to use her real name here because what happened next involves other people who may not wish to be identified. But ‘Julie’ is hero #3

What happened on Wednesday was that while chatting with Brian, Julie discovered her niece was married to Brian’s son. How mad is that?

I felt there was a massively important lesson to be learnt from this. We can never be sure if a stranger really is a stranger. If Julie had stepped over Brian on that first day she found him and later on learnt they were actually related she would have been devastated. People often walk by the people living on the streets because they feel no personal connection with them. But when you scratch the surface and realise these people are just like you but have had an awful event knock them sideways – then you start to understand and empathise.

Above is Barbara who works at Burnley Sainsbury’s. Barbara is exceedingly lovely. She has fought tooth and nail to continue supporting the local community in spite of Head Office telling her that they can no longer afford to do so. She looks after 8 school nurture groups in the area, giving them each £1200 a year. Prince Charles is a big fan of what she’s doing and so he should be. Barbara is hero #4

Barbara also told me that her store gives all their end of day bakery produce to the women’s refuge and all the manky fruit and veg to the local pony rescue centre.

We’re now coming to the ‘Crime of the Century’ and there are no heroes here.


This is one of the pictures I took at Tesco in Burnley about 18 months ago. These bags are marked ‘Unfit for Human Consumption’ but 5 minutes earlier their contents were on the bakery shelves. I called the manager about this at the time but he said it was policy to throw everything away and there was no possibility of my taking the bread and pastries for the food bank.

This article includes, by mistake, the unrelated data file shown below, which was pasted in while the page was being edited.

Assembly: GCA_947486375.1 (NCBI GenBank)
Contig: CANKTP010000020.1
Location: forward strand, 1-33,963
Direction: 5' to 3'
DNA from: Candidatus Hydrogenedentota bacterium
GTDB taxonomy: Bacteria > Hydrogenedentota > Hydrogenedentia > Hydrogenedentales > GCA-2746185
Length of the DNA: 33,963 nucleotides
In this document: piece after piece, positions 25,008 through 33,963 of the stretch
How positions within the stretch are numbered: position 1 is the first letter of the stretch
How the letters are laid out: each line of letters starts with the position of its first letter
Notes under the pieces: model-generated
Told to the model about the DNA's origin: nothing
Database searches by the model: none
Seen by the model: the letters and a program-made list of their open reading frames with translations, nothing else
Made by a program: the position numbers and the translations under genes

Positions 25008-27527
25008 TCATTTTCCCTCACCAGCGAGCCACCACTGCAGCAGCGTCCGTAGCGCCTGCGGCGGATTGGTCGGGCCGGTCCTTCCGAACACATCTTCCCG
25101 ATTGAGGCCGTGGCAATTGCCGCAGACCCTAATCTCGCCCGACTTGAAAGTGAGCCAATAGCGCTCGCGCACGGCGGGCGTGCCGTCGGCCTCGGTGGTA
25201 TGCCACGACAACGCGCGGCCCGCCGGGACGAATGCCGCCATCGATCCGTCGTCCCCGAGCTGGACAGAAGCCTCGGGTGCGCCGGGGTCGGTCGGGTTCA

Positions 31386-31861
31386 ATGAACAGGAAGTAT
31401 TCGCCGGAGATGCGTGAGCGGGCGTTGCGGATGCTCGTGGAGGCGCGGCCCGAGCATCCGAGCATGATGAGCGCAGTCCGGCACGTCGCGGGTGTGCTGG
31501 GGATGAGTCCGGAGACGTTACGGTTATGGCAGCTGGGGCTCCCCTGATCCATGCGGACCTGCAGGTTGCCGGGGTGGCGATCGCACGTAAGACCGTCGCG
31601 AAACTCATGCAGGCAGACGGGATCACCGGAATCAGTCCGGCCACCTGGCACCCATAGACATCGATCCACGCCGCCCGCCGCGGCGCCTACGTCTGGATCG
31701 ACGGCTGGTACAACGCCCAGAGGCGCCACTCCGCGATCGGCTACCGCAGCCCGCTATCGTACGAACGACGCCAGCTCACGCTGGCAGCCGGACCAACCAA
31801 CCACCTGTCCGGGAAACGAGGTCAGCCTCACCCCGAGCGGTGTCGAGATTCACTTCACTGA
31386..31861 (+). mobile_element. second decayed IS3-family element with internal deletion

I followed this up with a call to the waste department of Tesco Head Office and was told the same. Nothing they could do, they said. In fact they said the end of day goods couldn’t even be used for animal feed, in case a horse became ill and they were sued.

So when I discovered last week that the local Sainsbury’s were doing things that Tesco said were impossible, I gave them another ring. This time the deputy manager assured me that all their bakery products were now recycled.

“How do you recycle a Danish pastry?” I asked. The Deputy said he believed they were now made into animal feed but he would get Head Office to call me and confirm this. They didn’t.

So there I was at a Food Poverty conference last week when I spotted a man with a Tesco name badge. I launched into my tirade, not allowing him to interrupt until I had finished telling him how Tesco needed to buck their ideas up and take a lesson or two from Sainsbury’s (or Marks and Spencer’s who give all their end of day produce to local hostels).

And guess what he said? “I’m sorry but I’m just the fishmonger from the local Tesco store so I know nothing about it.”

What the bloody hell was he doing representing the store at a Food Poverty conference?????

So come on Tesco, get your finger out and stop quoting ‘policy’ when you know you’re talking nonsense.

I’ll now shut up.